Food News and Recipes

This black bean dish will make you forget how cold it is outside

There are black beans, and then there are black beans cooked with orange juice. If you haven’t tried squeezing some in, trust me, it’s a revelation – a Caribbean take that is especially appealing now that we’re deep in winter’s chill.

The first time I tried the technique at home was when following a recipe from the great J. Kenji López-Alt, the food science guru at Serious Eats and author of “The Food Lab.” Ever since I first threw two orange halves into the pressure cooker when I made black beans from dried, and loved the touch of sweet-tartness from the citrus, I’ve made them that way every few weeks since.

Jack Bishop from America’s Test Kitchen used a quicker version of the same technique in his 2004 book, “A Year in a Vegetarian Kitchen” (Houghton Mifflin). He published the book many years before I became vegetarian, but I’ve come to consider it a classic for its smart, easy and satisfying recipes, and this dish is no different. You enliven canned black beans with chopped jalapeño, garlic and 2/3 cup of fresh orange juice (plus a touch of lime juice). The beans absorb much of the juices within five or so minutes.

His crowning touch is ripe plantains, sautéed until deeply browned. They’re another point of sweetness, and along with the orange they put me in a tropical state of mind.

Caribbean Black Beans
With Sautéed Plantains

4 servings, Healthy

Use only the ripest, black or mostly black plantains, which are softer and sweeter than the unripe, starchy, green or medium-ripe yellow ones.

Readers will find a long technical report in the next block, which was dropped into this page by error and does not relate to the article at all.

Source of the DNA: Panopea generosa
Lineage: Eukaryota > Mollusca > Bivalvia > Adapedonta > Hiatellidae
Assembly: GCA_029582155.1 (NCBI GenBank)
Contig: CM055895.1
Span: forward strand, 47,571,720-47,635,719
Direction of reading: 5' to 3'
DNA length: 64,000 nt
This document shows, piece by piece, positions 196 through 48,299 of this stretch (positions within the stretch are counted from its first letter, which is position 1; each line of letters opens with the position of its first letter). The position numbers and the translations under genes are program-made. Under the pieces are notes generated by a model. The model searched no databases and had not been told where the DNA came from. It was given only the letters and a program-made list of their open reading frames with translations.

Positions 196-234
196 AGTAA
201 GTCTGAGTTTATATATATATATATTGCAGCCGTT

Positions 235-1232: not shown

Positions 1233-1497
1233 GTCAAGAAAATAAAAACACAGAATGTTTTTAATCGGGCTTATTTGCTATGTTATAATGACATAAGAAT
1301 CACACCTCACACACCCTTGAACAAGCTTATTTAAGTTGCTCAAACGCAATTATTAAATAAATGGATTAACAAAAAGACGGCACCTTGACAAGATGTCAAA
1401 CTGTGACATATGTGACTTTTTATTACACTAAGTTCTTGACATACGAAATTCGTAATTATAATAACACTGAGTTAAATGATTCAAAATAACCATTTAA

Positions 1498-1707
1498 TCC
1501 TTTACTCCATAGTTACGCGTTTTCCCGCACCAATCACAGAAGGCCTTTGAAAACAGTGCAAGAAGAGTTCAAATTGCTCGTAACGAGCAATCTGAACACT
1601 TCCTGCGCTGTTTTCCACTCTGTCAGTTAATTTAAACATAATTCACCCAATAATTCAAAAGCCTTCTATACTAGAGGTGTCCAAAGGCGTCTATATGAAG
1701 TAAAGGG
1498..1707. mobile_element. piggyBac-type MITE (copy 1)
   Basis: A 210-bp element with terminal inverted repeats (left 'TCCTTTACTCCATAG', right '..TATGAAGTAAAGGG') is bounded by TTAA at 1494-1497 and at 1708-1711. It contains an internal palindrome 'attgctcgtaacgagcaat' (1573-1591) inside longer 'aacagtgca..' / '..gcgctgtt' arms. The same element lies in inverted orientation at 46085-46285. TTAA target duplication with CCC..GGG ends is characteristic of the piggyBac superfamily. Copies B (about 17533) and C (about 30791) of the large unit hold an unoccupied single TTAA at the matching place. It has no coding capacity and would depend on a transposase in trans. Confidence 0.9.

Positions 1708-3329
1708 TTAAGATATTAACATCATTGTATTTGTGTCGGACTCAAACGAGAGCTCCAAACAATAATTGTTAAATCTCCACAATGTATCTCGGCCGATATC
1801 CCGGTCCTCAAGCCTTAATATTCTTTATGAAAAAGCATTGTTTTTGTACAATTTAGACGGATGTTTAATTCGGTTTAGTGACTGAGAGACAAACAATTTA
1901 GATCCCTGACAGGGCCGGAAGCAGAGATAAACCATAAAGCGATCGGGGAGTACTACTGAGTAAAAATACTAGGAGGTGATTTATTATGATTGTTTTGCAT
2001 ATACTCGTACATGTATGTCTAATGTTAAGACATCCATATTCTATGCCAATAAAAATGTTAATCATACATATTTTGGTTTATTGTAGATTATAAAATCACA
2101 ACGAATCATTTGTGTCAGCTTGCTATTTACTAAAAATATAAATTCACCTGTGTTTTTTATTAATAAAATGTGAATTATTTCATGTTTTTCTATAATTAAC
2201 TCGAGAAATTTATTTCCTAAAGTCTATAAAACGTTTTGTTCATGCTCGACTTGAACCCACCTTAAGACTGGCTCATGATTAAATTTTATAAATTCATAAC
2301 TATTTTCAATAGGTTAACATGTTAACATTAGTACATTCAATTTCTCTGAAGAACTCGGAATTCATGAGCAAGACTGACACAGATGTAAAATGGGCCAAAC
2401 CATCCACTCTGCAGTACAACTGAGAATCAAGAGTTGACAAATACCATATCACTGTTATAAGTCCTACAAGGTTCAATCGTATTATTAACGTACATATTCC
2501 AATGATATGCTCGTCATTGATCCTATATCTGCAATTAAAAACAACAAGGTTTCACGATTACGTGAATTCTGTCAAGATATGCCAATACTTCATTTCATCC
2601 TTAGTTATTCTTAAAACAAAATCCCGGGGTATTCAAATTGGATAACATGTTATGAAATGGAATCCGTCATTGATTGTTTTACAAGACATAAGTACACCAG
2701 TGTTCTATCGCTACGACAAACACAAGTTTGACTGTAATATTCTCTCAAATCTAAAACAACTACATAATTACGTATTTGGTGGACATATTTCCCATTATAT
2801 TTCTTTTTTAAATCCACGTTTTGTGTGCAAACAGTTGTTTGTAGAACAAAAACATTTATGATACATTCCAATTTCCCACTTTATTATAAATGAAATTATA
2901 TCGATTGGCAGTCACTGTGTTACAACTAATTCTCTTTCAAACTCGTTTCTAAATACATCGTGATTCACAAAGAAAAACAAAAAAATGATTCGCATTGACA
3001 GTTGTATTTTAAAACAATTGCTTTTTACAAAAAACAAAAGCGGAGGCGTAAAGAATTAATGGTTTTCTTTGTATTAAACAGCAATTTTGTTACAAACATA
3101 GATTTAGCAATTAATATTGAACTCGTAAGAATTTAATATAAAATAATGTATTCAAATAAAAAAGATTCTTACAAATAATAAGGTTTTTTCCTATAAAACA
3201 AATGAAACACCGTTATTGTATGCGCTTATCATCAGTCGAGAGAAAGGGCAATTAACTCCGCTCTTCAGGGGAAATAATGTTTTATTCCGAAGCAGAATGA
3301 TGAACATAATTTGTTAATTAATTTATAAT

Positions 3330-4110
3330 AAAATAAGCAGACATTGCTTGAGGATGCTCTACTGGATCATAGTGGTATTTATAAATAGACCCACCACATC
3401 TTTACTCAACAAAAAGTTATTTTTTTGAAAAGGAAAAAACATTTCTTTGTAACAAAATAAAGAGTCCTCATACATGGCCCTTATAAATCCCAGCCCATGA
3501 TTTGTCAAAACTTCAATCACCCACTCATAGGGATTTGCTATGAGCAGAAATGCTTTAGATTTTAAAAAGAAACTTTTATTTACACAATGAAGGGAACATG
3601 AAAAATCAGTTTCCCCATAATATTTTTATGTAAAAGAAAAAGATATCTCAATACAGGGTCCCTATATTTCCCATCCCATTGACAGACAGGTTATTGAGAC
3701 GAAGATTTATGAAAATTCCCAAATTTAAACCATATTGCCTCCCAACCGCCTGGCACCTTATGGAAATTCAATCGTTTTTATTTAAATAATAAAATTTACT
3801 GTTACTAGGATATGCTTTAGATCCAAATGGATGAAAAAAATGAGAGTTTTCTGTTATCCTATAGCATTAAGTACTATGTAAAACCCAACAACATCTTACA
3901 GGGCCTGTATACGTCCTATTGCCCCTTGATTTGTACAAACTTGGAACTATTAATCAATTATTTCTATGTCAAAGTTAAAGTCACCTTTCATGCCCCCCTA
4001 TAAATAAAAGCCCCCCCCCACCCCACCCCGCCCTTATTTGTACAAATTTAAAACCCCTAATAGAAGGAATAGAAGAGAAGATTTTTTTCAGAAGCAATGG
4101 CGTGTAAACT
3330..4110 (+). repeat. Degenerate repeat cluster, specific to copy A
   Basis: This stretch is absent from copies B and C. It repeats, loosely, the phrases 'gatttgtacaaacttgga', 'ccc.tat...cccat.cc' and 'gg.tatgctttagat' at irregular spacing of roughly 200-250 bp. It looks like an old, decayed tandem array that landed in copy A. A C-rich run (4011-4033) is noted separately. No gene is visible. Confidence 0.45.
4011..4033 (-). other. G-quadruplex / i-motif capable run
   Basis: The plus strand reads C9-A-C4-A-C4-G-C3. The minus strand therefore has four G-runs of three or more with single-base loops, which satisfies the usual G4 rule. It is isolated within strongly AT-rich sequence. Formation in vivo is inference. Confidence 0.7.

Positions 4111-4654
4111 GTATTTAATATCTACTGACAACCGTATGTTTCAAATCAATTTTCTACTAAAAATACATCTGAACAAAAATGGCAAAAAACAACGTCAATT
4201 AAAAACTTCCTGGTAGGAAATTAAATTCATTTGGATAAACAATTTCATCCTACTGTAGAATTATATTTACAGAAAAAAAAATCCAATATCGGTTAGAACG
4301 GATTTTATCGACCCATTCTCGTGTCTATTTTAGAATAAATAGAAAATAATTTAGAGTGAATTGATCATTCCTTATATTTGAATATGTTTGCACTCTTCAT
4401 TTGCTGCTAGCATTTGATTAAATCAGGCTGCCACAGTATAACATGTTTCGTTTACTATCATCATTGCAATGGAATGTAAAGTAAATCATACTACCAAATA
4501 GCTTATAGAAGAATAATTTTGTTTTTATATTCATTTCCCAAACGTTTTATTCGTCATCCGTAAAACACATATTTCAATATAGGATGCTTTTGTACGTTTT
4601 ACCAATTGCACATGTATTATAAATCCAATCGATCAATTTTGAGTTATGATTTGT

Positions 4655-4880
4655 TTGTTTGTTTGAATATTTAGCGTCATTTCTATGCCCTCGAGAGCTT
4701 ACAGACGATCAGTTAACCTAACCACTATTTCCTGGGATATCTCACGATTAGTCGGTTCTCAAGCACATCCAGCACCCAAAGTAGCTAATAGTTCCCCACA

Serve with rice, if desired.

– Adapted from “A Year in a Vegetarian Kitchen: Easy Seasonal Dishes for Family and Friends,” by Jack Bishop (Houghton Mifflin, 2004)

2 large ripe plantains (mostly or all black)

3 tablespoons extra-virgin olive oil

1/2 teaspoon sea salt, plus more as needed

4 cloves garlic, minced

1 small jalapeño pepper, stemmed, seeded and finely chopped

Two 15-ounce cans no-salt-added black beans, rinsed and drained

2/3 cup fresh orange juice

2 tablespoons fresh lime juice

2 tablespoons finely chopped cilantro leaves

Trim the pointed ends from the plantains. Cut the fruit into 2-inch chunks. Use a paring knife to slit the peels lengthwise in several places on each piece. Carefully remove the peels and discard them. Cut each plantain chunk in half lengthwise.

Heat 2 tablespoons of the oil in a large nonstick skillet over medium heat. Once the oil shimmers, add the plantains - working in batches as needed to avoid overcrowding the pan. Cook, turning once, until quite browned but not burned, about 8 minutes. Transfer the plantains to a plate and sprinkle with 1/4 teaspoon of the salt. Cover to keep warm.

Add the remaining 1 tablespoon of oil, the garlic and the jalapeño to the empty skillet. Cook (medium heat), stirring constantly, just until fragrant, 30 seconds. Add the beans, orange juice and lime juice and cook, stirring often, until the beans are heated through and have absorbed most of the juices, 4 to 6 minutes. Stir in the cilantro and the remaining 1/4 teaspoon salt. Taste, and add more salt, as needed.

Spoon the beans into individual bowls or plates. Top each portion with sautéed plantains and serve.

• Nutrition per serving: 380 calories, 13 g protein, 58 g carbohydrates, 13 g fat, 2 g saturated fat, 0 mg cholesterol, 300 mg sodium, 12 g dietary fiber, 14 g sugar

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